Marriage to Henry Stanton

When Elizabeth married Henry, she was strongly attracted to his position on equality. Shortly after their wedding, however, when they attended an International Anti-Slavery meeting in London as part of their honeymoon excursion, Henry voted with the other male delegates not to accept the credentials or seat the female delegates sent from America. That incident, keenly noted by Elizabeth, perhaps began an early disillusionment with Henry. In any event, her expectations of "marriage as a partnership of equals" went unfulfilled as the years passed.

Henry was "away on business when each of their seven children was born." She cam to resent "Henry’s freedom to come and go at will and to have ample time to read, write and speak on behalf of reforms she also supported." When he was away, Henry wrote "entertaining, interesting letters." But she did not like "reading his reports of debates and dances she could not attend." The extent of his supervision of the children was to admonish them in his letters to "mulch the apple trees, hoe the vegetables, haul the firewood and mind mother, " most of which the rowdy boys ignored.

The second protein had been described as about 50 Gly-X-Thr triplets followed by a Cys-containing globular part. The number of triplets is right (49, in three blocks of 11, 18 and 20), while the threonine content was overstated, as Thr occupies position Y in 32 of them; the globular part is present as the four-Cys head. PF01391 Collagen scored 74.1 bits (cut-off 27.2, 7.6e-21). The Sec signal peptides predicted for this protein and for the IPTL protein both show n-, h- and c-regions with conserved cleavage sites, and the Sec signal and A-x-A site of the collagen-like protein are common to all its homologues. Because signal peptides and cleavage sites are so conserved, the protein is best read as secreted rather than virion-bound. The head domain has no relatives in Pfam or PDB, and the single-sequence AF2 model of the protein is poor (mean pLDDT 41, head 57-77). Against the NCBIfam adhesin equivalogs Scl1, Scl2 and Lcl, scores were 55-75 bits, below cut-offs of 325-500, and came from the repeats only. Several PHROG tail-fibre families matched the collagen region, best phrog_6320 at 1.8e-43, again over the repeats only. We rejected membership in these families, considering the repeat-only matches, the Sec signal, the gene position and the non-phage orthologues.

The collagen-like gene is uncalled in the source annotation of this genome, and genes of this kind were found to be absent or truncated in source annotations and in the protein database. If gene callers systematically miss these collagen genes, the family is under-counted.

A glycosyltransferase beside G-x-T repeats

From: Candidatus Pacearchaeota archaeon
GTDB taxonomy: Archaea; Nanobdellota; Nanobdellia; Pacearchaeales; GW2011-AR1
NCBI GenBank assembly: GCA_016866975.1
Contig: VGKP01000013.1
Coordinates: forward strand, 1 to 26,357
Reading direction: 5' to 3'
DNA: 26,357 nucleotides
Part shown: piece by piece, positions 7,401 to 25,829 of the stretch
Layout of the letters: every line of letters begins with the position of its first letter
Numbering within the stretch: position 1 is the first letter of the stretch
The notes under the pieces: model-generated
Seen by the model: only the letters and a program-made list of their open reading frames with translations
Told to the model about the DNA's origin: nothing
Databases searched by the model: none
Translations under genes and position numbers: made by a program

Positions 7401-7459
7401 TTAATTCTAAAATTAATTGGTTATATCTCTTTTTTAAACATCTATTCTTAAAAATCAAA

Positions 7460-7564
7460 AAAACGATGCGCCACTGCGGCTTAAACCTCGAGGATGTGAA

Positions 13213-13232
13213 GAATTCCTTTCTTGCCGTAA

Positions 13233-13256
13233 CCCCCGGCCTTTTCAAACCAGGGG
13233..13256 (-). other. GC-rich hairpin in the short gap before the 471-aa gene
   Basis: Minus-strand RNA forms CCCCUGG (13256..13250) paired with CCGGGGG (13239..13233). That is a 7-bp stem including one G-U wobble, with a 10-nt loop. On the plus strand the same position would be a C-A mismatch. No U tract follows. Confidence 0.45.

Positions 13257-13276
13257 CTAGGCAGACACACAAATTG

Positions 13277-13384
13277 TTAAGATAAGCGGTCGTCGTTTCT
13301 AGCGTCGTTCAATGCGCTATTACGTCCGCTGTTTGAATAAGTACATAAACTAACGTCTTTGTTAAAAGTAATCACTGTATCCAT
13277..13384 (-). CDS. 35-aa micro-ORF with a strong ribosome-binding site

Throughout their marriage, the Stantons spent only short periods of time actually living together. Time apart, however, did not deter their having seven children. In later years, Henry maintained a residence in New York City and Elizabeth lived on an estate in Tenafly, N.J., which she purchased with her inheritance money. When Henry died in 1887, Elizabeth was visiting their daughter in England. "She did not return to bury him."

In her diary for that date she wrote, "Ah! If we could only remember in life to be gentle and forbearing with each other, and to strive to serve nobly instead of exacting service, our memories of the past would be more pleasant." She "did not mention Henry’s name or his relation to her or recall fond memories of their life together."

(Quotes from Griffith, Elizabeth, In Her Own Right, Oxford University Press, 1984; general background from various published sources on woman’s history. Copyright 1993)


| [top] |